Tamora Pierce has written many books for young adults over the years, usually with strong, independent female characters. I have been reading Tamora Pierce since middle school, when a friend recommended I read Alanna: The First Adventure. It was the start of a love to rival that of Harry Potter!
I decided to write about Trickster’s Choice and Trickster’s Queen instead of any of the others because they are the two Tamora Pierce books that I pick up over and over again–my copy of Trickster’s Choice has a few pages that are falling out and my copy of Trickster’s Queen has a ding on the cover where I dropped it on the street on my way home from the bus stop. These two books and I have been through a lot together!
The Trickster’s series follows Alianne, or Aly, of Pirate’s Swoop as she becomes involved with a country seeped in racism and poverty and the family that could change it all. After foolishly leaving her home, Aly is kidnapped by pirates and taken to the Copper Isles as a slave, where she begins to work for the Balitang family. She soon learns that the Balitangs are not a typical Kyprian family, and something about the two Balitang daughters seems to be of vital importance to the downtrodden raka people of the Isles. A story of intrigue, queens, magic, gods, revenge, and finding a place and a passion, the Trickster’s series could be called the Game of Thrones for teens.
This is Tamora Pierce at her best! Give Tamora Pierce a try–I hope you love her as much as I do!
Pierce, Tamora. Trickster’s Choice. New York: Random House, 2003. Cover art by Joyce Tenneson. Image from BN.com.
Pierce, Tamora. Trickster’s Queen. New York: Random House, 2004. Cover art by Joyce Tenneson. Image from BN.com.
Castles, knights in shining armor, honor, glory, betrayal, love, sex, dragons, a haunted forest—George R. R. Martin’s fantasy A Game of Thrones truly has all the requirements of the genre! Told from the points of view of almost ten different characters, the reader experiences the complicated game that is plotting to take, winning, and keeping a throne from every angle, which can sometimes leave the reader wondering exactly which side they’re on! Martin has filled the pages of A Game of Thrones with rich and memorable characters, like witty Tyrion, headstrong Arya, and confident Daenerys, and has done a good job spinning a new tale around the timeless “game of thrones.”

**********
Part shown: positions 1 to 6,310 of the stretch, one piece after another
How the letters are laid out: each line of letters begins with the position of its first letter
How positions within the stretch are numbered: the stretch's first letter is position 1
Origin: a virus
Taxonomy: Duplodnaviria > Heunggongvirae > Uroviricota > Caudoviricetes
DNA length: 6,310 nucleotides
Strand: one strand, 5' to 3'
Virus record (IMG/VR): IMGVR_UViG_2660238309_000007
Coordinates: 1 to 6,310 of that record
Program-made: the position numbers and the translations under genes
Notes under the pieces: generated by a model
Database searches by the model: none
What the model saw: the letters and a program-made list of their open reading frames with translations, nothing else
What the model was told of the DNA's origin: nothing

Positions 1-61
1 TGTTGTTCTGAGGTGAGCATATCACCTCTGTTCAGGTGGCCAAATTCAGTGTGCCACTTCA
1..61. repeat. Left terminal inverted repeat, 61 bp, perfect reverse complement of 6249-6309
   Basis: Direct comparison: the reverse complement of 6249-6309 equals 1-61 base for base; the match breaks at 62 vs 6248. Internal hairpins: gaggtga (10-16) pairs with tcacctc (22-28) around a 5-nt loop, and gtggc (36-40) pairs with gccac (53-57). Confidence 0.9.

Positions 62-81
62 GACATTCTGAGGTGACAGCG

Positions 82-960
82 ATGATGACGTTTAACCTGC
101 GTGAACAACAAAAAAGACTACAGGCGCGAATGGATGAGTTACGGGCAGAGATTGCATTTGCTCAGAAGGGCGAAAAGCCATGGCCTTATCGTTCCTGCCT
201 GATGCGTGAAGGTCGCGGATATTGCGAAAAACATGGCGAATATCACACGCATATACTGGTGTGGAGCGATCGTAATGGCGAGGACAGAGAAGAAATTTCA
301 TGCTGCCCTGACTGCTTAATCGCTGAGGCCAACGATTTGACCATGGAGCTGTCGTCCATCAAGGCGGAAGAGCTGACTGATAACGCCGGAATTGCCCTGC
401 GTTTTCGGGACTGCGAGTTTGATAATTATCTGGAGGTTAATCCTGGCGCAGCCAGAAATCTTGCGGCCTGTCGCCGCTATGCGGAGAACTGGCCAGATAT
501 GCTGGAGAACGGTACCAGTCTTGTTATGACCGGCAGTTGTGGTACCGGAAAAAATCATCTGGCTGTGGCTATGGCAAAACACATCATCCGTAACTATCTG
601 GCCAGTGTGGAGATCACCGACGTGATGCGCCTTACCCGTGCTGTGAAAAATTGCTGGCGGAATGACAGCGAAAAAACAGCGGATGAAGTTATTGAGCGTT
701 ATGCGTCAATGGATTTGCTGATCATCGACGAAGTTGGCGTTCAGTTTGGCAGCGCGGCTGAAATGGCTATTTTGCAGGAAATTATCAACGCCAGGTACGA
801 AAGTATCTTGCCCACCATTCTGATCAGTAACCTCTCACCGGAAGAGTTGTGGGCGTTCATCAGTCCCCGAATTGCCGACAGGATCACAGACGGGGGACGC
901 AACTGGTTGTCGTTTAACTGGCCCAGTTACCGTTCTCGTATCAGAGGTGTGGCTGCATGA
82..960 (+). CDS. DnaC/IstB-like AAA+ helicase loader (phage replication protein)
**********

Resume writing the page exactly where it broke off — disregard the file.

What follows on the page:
Although this book is quite long (about 800 pages!), I found it to be a pretty easy read. Martin certainly knows how to draw a reader in and how to leave them hanging at the end of a chapter, therefore keeping her attention! Although I really liked the book, and am keen to read the rest of the series, I didn’t think it was a page turner, and the middle third was even a bit tedious as I waited for tensions and events to really heat up. I was however very impressed by the amount of detail that Martin has included about the world of A Game of Thrones. Such detail really made the setting and characters come alive for me!
I know that A Game of Thrones has been made into an HBO TV show as well. I’ve never watched it, but I’ve heard good things and after looking up the cast I’m very happy with the actors chosen to portray the characters—now that I’ve read the book, I think a trip to the store to buy the first season is in order!
Martin, George R. R. A Game of Thrones. New York: Bantam, 1996.
Cover design by David Stevenson. Cover art copyright by Larry Rostant. Image from amazon.com.